In the spirit of IWD, I would like to look at some of the ways that people worldwide are supporting girls who want to learn how to code, why girls coding matters, and how you can get involved.
Girls Who Code Supports Innovation
Reshma Saujani is on a mission to get girls coding. In 2012, she founded Girls Who Code, starting with a URL, 20 girls, and a pizza budget. Now, Girls Who Code has over 90,000 alumni worldwide, with chapters in the U.S., Canada, and the U.K. Saujani’s aim was to close the gender gap in technology, saying:
"I teach girls to code because I want to make sure that no innovation is sitting on the sidelines."
Through free after-school clubs, Girls Who Code supports girl coders aged 11 to 18 by providing programming training, along with access to role models and peer communities, two important metrics when it comes to keeping girls interested in computer science.
While 66% of girls aged 6 to 12 say they are interested in computer programming, this interest drops off in middle school. Role models and community make the difference: high school aged girls with an inspiring computer science teacher were almost three times as likely to be interested in continuing their studies compared to their peers, while being the only girl in a computer class reduced interest in coding by about a third. And Girls Who Code interventions have been effective: college-aged alumni of the program major in computer science at a rate of 15 times the U.S. national average.
Building Careers With African Girls Can Code
Girls Who Code is not the only organization doing the work of inspiring girl coders. The African Girls Can Code Initiative launched in August 2018, and it aims to offer 18 coding camps with a reach of 2,000 girls by 2022. Supported by UN Women, the AGCCI offers courses on digital literacy and coding, and trains girls as programmers, creators, and designers, so that they are able to compete for careers in the tech world.
UN Secretary-General António Guterres flagged teaching girls to code as a priority when he met with African Girls Can Code, saying, "We need more girls to take technology courses. This is absolutely crucial."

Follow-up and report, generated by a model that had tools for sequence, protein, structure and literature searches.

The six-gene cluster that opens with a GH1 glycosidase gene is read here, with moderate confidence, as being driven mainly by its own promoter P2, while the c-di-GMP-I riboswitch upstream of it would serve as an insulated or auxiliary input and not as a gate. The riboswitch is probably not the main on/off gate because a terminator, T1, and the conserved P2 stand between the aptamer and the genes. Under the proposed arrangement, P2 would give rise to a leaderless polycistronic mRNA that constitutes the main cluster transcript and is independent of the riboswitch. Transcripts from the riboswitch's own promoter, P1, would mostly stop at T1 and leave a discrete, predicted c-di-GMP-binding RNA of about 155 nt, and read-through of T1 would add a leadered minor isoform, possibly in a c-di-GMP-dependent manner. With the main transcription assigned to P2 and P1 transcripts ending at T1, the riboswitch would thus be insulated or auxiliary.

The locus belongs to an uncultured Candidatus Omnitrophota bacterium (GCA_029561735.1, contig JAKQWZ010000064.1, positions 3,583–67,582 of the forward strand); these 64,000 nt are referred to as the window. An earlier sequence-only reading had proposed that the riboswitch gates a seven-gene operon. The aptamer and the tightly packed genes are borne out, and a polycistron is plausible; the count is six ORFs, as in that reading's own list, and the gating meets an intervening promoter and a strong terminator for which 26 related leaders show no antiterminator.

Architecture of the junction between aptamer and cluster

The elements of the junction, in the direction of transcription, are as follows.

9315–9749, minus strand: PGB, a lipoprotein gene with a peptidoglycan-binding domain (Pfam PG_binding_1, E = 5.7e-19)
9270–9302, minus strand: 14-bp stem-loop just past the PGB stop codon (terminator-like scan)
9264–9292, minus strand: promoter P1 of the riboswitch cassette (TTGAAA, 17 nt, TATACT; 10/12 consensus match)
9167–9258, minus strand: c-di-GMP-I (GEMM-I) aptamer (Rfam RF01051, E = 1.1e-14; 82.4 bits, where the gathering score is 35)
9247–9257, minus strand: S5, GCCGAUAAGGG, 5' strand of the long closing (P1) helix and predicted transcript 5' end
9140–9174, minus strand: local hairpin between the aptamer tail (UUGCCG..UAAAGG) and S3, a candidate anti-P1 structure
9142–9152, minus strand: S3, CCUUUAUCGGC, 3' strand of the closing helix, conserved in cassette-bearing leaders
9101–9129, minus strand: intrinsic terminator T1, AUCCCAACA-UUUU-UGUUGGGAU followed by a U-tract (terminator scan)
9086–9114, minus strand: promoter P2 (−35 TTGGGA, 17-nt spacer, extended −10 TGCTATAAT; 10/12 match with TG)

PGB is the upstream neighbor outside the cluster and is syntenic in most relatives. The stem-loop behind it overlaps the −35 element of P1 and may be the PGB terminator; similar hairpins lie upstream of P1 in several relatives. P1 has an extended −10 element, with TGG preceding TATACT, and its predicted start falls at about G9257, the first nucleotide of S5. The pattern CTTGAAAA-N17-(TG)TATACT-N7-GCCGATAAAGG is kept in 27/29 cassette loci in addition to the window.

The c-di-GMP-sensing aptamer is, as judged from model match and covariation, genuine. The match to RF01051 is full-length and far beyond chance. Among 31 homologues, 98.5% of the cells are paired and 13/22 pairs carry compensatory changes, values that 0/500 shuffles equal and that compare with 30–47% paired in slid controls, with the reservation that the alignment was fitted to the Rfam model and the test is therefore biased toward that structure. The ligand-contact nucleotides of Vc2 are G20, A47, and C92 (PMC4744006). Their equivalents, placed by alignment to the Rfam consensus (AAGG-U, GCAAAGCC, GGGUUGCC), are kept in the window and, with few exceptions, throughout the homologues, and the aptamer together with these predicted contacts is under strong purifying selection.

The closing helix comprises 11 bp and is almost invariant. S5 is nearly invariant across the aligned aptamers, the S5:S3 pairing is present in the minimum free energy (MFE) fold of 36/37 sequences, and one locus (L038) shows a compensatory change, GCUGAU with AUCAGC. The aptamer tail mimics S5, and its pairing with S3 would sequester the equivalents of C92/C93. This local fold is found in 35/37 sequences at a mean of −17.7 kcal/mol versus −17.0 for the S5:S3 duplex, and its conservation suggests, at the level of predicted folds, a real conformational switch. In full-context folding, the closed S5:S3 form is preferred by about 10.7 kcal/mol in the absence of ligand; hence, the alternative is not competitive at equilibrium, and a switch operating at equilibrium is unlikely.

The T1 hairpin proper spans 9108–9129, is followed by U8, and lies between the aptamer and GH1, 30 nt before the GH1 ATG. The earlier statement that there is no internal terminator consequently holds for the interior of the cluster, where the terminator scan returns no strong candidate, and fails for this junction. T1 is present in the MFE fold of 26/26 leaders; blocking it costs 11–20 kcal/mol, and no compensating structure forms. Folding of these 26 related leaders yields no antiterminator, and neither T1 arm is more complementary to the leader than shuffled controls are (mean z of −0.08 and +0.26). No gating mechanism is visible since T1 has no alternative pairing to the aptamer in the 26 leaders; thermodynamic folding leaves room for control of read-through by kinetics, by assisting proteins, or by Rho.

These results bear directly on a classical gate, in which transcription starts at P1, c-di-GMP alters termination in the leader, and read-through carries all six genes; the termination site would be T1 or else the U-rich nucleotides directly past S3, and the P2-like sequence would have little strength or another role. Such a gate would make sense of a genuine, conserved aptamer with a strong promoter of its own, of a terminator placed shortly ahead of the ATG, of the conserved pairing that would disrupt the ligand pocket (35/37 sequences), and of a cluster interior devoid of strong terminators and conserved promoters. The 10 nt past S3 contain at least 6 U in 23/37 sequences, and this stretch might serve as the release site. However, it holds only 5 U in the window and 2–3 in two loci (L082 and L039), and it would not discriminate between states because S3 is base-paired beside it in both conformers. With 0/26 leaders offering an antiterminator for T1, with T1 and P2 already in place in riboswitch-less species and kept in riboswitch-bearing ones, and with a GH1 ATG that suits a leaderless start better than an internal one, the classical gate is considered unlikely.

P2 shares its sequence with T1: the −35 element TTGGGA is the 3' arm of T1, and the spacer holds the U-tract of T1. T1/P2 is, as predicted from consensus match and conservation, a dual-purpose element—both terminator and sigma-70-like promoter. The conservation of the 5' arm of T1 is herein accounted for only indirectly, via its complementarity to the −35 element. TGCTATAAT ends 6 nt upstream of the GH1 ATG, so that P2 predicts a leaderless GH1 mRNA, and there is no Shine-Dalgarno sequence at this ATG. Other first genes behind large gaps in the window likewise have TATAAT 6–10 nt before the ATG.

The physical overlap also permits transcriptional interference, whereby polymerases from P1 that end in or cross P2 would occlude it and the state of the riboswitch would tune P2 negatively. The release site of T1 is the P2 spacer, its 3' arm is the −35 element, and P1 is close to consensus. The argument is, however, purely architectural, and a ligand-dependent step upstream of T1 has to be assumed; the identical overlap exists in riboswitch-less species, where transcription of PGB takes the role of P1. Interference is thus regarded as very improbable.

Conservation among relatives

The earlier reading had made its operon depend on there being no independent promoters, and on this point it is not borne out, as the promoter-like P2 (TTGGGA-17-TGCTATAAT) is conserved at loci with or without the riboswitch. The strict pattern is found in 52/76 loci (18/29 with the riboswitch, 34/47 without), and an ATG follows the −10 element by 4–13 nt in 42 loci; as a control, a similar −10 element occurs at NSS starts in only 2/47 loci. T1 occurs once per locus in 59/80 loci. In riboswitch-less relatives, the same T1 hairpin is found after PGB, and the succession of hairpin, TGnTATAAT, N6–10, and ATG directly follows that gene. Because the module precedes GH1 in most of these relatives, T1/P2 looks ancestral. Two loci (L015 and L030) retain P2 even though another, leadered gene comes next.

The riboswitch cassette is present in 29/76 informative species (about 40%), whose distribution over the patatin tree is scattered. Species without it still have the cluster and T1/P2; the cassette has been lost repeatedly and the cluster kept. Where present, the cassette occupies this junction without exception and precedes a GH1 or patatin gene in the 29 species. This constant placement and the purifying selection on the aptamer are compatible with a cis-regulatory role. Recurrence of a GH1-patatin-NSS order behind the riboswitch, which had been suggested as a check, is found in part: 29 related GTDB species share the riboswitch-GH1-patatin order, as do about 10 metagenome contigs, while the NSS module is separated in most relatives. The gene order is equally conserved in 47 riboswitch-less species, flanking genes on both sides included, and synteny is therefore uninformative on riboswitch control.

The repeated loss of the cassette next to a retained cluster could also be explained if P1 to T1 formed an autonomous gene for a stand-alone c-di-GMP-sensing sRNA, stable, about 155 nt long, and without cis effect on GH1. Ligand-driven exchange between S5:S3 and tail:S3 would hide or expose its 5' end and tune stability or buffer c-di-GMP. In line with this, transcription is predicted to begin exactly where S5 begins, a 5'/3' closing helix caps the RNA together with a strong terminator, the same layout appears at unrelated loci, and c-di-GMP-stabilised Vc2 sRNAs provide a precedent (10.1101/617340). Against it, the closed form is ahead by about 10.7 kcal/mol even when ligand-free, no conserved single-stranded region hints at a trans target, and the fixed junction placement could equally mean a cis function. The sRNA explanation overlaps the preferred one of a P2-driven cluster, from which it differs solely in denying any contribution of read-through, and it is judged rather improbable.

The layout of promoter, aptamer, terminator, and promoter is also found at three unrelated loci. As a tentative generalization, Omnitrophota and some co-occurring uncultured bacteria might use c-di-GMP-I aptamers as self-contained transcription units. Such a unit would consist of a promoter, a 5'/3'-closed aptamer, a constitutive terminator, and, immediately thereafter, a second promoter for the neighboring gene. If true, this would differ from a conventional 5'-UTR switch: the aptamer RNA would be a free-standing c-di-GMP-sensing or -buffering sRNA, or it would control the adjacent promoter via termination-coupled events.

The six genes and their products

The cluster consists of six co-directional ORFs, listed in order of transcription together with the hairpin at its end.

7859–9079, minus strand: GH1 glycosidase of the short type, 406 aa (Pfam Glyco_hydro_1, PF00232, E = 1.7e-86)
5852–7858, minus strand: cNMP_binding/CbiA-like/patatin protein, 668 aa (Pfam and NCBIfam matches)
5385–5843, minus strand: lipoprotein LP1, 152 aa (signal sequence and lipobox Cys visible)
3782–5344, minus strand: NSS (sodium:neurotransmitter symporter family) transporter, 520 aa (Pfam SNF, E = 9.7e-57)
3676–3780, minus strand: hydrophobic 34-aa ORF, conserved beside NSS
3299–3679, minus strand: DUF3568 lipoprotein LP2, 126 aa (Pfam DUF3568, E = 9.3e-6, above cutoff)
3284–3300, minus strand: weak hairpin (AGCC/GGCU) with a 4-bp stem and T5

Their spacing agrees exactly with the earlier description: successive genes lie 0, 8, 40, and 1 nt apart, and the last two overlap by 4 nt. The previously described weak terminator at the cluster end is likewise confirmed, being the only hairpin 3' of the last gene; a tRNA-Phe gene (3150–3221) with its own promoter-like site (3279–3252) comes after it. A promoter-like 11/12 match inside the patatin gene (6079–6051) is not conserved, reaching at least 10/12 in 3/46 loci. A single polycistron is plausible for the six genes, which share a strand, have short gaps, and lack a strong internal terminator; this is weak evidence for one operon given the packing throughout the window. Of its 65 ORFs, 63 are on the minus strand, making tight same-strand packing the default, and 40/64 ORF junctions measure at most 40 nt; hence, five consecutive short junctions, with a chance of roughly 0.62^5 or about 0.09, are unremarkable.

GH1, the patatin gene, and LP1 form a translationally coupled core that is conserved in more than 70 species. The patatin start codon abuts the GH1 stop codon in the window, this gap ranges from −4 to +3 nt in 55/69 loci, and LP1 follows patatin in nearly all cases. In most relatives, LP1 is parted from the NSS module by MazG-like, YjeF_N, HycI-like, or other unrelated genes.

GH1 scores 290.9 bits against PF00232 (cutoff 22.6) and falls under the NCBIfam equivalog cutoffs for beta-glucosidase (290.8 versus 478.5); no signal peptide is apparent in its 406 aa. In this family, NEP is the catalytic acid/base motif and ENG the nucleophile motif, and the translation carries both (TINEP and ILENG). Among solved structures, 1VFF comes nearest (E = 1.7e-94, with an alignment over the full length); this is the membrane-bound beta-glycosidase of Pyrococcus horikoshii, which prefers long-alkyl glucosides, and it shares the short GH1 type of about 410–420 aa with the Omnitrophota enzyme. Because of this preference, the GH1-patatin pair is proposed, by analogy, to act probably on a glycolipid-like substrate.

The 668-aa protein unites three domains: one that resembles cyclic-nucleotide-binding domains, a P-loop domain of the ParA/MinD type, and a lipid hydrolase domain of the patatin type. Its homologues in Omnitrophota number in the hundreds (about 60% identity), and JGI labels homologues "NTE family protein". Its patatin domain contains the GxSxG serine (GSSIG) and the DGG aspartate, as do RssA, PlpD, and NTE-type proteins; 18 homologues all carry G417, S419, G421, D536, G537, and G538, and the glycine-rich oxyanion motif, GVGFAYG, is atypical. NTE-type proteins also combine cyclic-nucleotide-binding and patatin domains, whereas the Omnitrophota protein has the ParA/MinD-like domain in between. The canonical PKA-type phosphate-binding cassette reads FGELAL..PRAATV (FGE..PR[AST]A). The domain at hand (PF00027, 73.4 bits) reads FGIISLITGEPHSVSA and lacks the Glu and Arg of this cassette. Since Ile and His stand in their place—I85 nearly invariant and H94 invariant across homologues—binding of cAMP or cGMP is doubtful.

The desire is there: 120 girls attended the first Coding Camps at the African Union headquarters in Addis Ababa, Ethiopia.
Black Girls CODE Narrows the Digital Divide
Another organization supporting girl coders is Black Girls CODE. Launched in April 2011, it has grown from a small grassroots organization started in the San Francisco Bay Area to 14 chapters across the U.S. and one in Johannesburg, South Africa.
By teaching girls aged 7 to 17 to code, BGC seeks both to empower girls and to address the digital divide—in San Francisco, white households are twice as likely to have internet access as Black households, according to BGC. This organization connects Black and brown girls to STEM resources and opportunities, by creating safe and inclusive spaces for young coders to learn and grow.
Bonus: Start a Girls Who Code Chapter
Chances are there is a Girls Who Code chapter near you, or an organization like it. You can check out the worldwide locations map to find the nearest one.
If there is a location near you, you can apply to be a volunteer facilitator. If not, it may be possible to start your own chapter! Each club offers free extracurricular coding programs for girls aged 13 to 18 throughout the academic year. Clubs are hosted at public or non-profit locations like schools, libraries, and community centres, and are led by volunteer facilitators who use curriculum and resources developed by Girls Who Code to work on projects that address real-world issues. To start a club, you need to be over 18 and an employee at the potential host site.
Girls Who Code chapters are well established the U.S., and are currently accepting applications for new clubs from Canada and the U.K. If you live in another region, they still want to hear from you—submit an interest form to get in touch.
Supporting Women in Tech
Some argue that while teaching girls to code aims to create gender balance in the tech industry, it falls short—that structural imbalances in the tech industry create challenges for women who want to work in tech, and that this is not remedied by simply more women learning how to code.
If more women and girls are going to enter the tech sector, we need to make sure the industry is a fair and safe place to work. If you are a man working in tech, there is a lot you can do to be an ally: everything from recognizing your own privilege to advocating for fair workplace policies. Even simple actions like giving women credit for their ideas and not interrupting when women speak can have a big impact. Check out our post on how men can support women in tech for more.
Are you as excited about these initiatives as I am? These days, coding is a basic literacy skill. Not everyone needs to be a professional coder, but every young person should have access to the tools, resources, and community necessary to learn how to code, if it captures their imagination. All of the organizations highlighted in this article strive to do just that, and in doing so change tech culture for the better.
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